Welcome to Creature Feature, a weekly series from the CELT education team highlighting local wildlife. Each week, we will share a short introduction to a local organism that you might encounter in your backyard or on our trails.
This week’s creature feature is the often-misunderstood coyote.
Many of us here in Cape have heard the call of the coyotes particularly in the evening or during the night. That distinct howl coupled with short high-pitched yelps can be heard as far as three miles away. Coyotes howl and yip primarily to communicate with each other and establish or defend their territory. They may bark when they are defending a den or a kill.
We have upwards of 15,000 coyotes here in Maine, according to the Department of Inland Fisheries & Wildlife. Coyotes in Maine have an average body size of 32-40 inches with a long tail of 12-15 inches and weigh anywhere between 18-40 lbs, They are about the size of small German Shepherd dog. They vary in coloration from light brown and grey to reddish on their sides with a pale underside. Coyote’s do their best to hide their dens which are often made under fallen trees, rock ledges, dense thickets or gravely hillsides.
Coyotes don’t really have any predators here in Maine except the Great Horned Owl, who will prey on young coyote pups.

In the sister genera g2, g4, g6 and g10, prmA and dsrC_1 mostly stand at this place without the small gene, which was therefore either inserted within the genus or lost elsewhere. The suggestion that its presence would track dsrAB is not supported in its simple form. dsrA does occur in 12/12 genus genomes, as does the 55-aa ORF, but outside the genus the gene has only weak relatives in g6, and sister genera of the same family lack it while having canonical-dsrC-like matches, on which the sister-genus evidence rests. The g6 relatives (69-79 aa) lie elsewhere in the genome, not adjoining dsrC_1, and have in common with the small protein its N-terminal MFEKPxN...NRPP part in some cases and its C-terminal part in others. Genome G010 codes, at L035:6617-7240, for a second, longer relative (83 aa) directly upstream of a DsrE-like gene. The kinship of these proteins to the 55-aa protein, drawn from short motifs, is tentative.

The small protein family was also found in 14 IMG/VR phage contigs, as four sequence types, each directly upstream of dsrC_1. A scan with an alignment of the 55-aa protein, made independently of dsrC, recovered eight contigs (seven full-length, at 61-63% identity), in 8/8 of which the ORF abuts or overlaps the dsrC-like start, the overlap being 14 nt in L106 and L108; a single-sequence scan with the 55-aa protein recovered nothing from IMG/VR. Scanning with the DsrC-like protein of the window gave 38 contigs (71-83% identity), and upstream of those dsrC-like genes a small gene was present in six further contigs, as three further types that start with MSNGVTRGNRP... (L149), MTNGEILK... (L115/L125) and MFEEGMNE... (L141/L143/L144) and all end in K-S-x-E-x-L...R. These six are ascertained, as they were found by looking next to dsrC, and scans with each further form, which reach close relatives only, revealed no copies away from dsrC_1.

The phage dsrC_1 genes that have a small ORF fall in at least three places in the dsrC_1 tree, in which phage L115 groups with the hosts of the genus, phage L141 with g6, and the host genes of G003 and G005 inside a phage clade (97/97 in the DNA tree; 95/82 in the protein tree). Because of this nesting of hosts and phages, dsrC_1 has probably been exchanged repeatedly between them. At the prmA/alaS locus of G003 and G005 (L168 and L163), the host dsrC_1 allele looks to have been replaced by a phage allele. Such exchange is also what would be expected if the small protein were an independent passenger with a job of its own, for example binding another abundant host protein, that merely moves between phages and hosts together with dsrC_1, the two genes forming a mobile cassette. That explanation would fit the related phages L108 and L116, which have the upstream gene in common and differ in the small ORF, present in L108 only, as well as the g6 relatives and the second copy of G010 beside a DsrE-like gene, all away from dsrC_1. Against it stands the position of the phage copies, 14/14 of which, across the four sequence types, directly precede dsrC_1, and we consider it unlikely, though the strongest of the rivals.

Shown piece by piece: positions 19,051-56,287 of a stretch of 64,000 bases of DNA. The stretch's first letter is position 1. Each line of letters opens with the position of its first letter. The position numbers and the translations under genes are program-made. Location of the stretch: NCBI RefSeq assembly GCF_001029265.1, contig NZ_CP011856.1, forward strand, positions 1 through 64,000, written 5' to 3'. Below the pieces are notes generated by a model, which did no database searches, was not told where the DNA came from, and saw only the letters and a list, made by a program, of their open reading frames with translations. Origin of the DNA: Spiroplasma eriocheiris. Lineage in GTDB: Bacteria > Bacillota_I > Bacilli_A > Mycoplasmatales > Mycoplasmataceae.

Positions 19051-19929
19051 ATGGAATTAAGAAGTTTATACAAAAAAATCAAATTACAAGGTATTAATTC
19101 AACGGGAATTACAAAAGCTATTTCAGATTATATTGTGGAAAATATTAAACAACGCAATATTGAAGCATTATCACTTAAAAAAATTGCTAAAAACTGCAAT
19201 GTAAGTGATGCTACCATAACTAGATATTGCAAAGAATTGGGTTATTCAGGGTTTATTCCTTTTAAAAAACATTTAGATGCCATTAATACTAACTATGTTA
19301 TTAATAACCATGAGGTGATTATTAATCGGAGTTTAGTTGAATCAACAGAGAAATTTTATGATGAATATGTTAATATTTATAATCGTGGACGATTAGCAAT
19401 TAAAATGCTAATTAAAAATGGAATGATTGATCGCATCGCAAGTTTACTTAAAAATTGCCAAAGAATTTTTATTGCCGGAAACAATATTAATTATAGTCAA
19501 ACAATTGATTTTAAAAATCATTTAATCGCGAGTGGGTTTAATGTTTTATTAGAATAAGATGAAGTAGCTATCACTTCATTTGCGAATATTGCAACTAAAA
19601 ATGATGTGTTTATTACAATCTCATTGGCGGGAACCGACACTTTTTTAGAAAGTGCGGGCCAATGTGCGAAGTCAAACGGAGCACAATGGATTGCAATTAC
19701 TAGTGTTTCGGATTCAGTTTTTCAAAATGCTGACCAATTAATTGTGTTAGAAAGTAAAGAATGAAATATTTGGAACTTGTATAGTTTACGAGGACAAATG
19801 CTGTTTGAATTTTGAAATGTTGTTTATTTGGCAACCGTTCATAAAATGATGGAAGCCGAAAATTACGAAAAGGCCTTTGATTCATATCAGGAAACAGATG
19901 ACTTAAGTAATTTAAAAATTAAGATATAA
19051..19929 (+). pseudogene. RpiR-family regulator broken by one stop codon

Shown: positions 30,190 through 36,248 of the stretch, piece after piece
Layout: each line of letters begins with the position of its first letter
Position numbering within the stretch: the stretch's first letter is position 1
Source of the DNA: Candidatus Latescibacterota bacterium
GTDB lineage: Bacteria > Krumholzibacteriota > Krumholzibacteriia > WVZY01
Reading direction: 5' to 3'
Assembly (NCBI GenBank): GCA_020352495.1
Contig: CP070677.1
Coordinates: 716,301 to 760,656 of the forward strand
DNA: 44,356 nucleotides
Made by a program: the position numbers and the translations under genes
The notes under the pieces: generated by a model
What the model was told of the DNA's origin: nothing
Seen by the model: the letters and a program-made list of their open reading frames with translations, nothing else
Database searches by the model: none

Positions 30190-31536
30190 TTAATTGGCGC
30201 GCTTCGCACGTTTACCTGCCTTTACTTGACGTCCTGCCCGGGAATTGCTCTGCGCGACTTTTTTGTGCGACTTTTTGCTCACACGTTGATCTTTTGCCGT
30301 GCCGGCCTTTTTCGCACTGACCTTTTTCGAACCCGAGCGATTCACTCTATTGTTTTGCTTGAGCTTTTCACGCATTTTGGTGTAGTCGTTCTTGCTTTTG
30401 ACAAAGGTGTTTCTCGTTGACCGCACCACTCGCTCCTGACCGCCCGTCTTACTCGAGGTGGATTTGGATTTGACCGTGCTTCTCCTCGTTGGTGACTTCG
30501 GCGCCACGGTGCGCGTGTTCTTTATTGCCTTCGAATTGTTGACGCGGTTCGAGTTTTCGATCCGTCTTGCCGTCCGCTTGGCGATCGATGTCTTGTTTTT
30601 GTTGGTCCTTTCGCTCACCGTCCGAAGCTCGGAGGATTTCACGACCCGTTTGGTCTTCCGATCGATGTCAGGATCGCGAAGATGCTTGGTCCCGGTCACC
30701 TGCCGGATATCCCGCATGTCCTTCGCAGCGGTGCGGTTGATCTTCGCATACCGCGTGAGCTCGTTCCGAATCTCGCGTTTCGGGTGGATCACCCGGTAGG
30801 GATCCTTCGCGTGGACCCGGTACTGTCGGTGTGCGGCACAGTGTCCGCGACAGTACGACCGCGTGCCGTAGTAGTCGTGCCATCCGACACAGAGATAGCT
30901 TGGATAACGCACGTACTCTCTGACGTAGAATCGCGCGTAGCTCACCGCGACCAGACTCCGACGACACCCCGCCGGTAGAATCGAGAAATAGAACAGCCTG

Coyotes typically live in woodlands and grasslands, and these days in suburban areas. They are omnivores, meaning they eat both plants and meat including carrion (remains of dead animals).
Like all living things, coyotes play a vital role in the ecosystem in which they live. As an animal that eats carrion, they help dispose of dead and decaying animals on the forest floor while recycling nitrogen and carbon in those animal remains. Coyotes are also vital in controlling populations of smaller rodents like mice, rats, chipmunks, and squirrels,
In certain Native American folklore, the coyote is known as the trickster because of its clever ways! The coyote is a very adaptable creature which enables it to survive and even thrive despite changes or loss of habitats. We now have “urban” coyotes who live in areas with significant human populations — in fact, coyotes have even been spotted in some big cities!
This close proximity to humans has sometimes lead to conflicts and misunderstanding between coyotes and people. Typically, coyotes are afraid of people and try to stay away from us. If we encounter a coyote it is likely that the coyote is only looking for food. They are opportunistic, and will look for easy prey and easy food sources like garbage, pet food, or house pets left outside overnight.
Next time you hear a coyote howling or yipping try to imagine what they might be saying to each other or think about how clever they are to be able to survive despite a significant loss of habitat and unregulated hunting.